...Also of note is the steady rise in the House of Democrat U.S. Rep. Katherine Clark of Melrose. She has rocketed by her Massachusetts Democrat colleagues to become part of Pelosi’s leadership team.
As Pelosi was nominated as speaker, Clark, 57, a four-term member of the House, was elected assistant speaker, making her the fourth ranking member of Pelosi’s leadership team.
Clark’s rise to prominence in the House is a surprise to many because she accomplished it under the radar, without chasing after the media.
She was practically an anonymous member of the Massachusetts state Senate when in 2013 she won a special election in the 5th Congressional District to fill the remaining term of Edward Markey who went on to the U.S. Senate.
“I don’t even remember her being here,” one veteran Statehouse observer said.
A person entering a legislative body, whether it be at the Statehouse or in Washington, usually chooses one of two ways to operate — as an attention grabbing outsiders like Reps. Seth Moulton and Ayanna Pressley, or a quiet insiders, like Reps. Richard Neal of Springfield or James McGovern of Worcester, and now Clark.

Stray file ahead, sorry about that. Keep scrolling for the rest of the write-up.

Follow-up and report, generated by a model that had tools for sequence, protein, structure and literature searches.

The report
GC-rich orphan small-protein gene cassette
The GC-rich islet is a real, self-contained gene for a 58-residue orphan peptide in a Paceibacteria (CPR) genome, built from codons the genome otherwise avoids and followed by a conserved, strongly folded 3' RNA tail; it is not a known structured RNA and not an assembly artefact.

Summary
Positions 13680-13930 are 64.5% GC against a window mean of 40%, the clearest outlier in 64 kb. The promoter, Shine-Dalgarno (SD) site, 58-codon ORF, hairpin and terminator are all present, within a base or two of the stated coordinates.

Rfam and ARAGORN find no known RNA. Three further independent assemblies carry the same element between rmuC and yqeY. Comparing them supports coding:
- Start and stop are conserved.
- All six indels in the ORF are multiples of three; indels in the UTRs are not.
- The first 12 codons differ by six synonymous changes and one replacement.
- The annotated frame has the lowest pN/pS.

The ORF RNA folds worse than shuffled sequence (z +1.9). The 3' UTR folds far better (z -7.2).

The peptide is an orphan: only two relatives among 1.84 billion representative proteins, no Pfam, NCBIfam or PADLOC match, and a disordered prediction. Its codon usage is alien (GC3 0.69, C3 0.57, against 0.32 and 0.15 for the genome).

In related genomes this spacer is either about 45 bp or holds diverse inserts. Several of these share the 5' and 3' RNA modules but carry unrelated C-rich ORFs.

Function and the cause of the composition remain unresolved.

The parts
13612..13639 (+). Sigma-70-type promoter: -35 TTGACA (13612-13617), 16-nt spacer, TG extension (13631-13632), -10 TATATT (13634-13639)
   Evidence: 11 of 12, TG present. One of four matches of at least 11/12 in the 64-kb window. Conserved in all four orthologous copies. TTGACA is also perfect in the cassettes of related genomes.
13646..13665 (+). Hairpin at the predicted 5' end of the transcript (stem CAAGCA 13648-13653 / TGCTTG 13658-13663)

Neal is chairman of the House ways and Means Committee, while McGovern heads the House Rules Committee.
The key to Cark’s rise to prominence in the House is her ability to work at the job — representing her district, forging House alliances, raising campaign money and climbing the Democrat political ladder.
You may not agree with her leftist views, but have to admire her ability to play the inside game.
From the start of her Congressional career Clark, a progressive, zeroed in on her goal to become a leader in the House, and she succeeded by forging alliances along the way.
One of the alliances was with New York Rep. Hakeem Jeffries, the chair of the House Democrat Caucus. Clark had been vice chair.
The pair are in line to move up even higher, considering that the combined age of the three current leaders in the House comes to 241 years. That’s as old as the country.
Original story here.